Online community to support diverse learners

10 Jun 2020

A major online learning community aimed at helping classrooms become more inclusive of the diverse learning needs of students has been created with input from University of Queensland researchers.

classroomThe Cooperative Research Centre for Living with Autism (Autism CRC) has created inclusionED, an online platform that assists teachers in supporting their students, both at school and at home.

Associate Professor Wayne Wilson, Head of Audiology in the UQ School of Health and Rehabilitation Sciences, said inclusionED provides free evidence-based and research-informed teaching practices, videos, printable templates and other resources.

“inclusionED delivers a truly interactive online platform designed to support diverse learners in inclusive classrooms,” Dr Wilson said.

“It was co-designed with educators, for educators, and it is one of the best examples I have experienced of the translation of research into practice in a manner driven by and for the end-users.

“Educators and parents can utilise the free tools provided, and then share their experiences of implementing specific practices.

“By creating a national community of practice that allows all users to communicate directly with the researchers, we can continue to improve both the research and its translation into practice.”

inclusionED combines practices based on recommendations from more than 25 research projects carried out through Autism CRC's School Years program in more than 300 Australian schools over the past six years.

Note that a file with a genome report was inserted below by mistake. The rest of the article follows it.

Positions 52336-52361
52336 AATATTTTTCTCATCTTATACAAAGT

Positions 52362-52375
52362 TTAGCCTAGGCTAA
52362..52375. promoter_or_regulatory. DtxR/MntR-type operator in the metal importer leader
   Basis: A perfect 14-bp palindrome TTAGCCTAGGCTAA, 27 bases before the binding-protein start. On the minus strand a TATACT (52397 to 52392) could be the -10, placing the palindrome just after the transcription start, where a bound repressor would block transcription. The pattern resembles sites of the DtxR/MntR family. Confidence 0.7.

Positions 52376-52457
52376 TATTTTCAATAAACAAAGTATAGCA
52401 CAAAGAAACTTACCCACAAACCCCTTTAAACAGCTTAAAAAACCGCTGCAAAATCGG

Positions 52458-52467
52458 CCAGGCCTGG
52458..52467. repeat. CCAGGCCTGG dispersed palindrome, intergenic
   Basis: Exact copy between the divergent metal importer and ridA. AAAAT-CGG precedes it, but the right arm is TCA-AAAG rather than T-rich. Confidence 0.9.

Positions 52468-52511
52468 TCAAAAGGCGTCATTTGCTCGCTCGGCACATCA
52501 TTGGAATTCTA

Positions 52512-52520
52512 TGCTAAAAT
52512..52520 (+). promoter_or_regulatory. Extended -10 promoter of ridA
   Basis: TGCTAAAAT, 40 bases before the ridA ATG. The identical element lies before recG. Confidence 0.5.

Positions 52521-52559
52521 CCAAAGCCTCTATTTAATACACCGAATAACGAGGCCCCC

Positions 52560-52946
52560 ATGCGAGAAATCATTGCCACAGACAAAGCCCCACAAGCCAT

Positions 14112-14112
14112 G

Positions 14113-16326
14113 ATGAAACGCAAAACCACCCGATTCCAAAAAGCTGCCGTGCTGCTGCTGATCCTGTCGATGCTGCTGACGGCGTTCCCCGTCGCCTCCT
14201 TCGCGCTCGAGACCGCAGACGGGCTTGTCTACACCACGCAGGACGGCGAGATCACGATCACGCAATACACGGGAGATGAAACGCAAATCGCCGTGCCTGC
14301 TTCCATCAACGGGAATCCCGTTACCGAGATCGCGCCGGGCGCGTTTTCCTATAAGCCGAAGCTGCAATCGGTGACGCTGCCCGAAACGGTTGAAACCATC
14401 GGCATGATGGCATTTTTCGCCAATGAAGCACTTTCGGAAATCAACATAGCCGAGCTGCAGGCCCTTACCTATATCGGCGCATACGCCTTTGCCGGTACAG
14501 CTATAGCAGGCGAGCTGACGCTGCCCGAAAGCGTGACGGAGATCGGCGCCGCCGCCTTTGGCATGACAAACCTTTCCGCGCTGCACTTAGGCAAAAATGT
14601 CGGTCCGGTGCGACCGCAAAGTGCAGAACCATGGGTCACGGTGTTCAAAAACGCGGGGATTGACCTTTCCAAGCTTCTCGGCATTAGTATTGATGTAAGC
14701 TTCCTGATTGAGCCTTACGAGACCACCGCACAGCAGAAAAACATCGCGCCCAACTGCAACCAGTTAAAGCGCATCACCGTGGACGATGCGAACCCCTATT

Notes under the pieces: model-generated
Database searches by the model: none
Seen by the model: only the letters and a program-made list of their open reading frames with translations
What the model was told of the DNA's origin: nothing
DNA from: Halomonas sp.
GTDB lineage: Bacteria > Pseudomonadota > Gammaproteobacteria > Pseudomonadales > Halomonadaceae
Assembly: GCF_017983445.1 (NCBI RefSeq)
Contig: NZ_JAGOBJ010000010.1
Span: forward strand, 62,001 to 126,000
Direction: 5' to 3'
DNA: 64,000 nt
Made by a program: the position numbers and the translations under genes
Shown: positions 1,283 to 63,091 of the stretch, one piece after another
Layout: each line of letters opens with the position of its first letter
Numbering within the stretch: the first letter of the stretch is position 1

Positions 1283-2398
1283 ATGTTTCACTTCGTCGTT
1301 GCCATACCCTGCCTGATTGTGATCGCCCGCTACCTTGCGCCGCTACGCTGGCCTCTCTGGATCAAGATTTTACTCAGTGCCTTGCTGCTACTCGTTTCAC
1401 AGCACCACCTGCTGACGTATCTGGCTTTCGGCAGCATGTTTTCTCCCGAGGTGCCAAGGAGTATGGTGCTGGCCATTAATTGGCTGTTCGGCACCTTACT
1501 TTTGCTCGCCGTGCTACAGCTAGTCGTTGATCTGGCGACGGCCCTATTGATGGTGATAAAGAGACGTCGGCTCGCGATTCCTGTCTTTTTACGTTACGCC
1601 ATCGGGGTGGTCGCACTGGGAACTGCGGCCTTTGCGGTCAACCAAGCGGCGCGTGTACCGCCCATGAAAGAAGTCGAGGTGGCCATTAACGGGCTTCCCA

UQ staff, past and present, were involved in many of the projects, including those on early years behaviour support, Australian educational needs, and finding a place in the workplace and community.

Dr Wilson led a project team — comprised of researchers from UQ, QUT, Monash University, and Autism Queensland — investigating the impact of improved classroom acoustics on autistic students.

“We worked with primary schools throughout the greater Brisbane region to investigate the use of sound field amplification (SFA) as a possible means of helping children on the autism spectrum in the classroom,” Dr Wilson said.

“SFA is a system where the teacher wears a microphone and transmitter and a receiver and speaker is used to project the teacher’s voice evenly throughout the classroom.

“By making it easier to hear the teacher in the classroom, SFA can put both children on, and not on, the autism spectrum in a better position to learn.”

In the average Australian classroom, at least three children have a learning difficulty or neurodevelopmental disability. 

Dr Wilson said the support and scaffolding these children receive during school can set the trajectory for the rest of their lives.

"inclusionED will be a hugely valuable resource for teachers across the nation, supporting them to make education inclusive for all learners, including those with learning difficulties or neurodevelopmental disabilities," he said.

Media: Associate Professor Wayne Wilson,; Dani Nash, UQ Communications,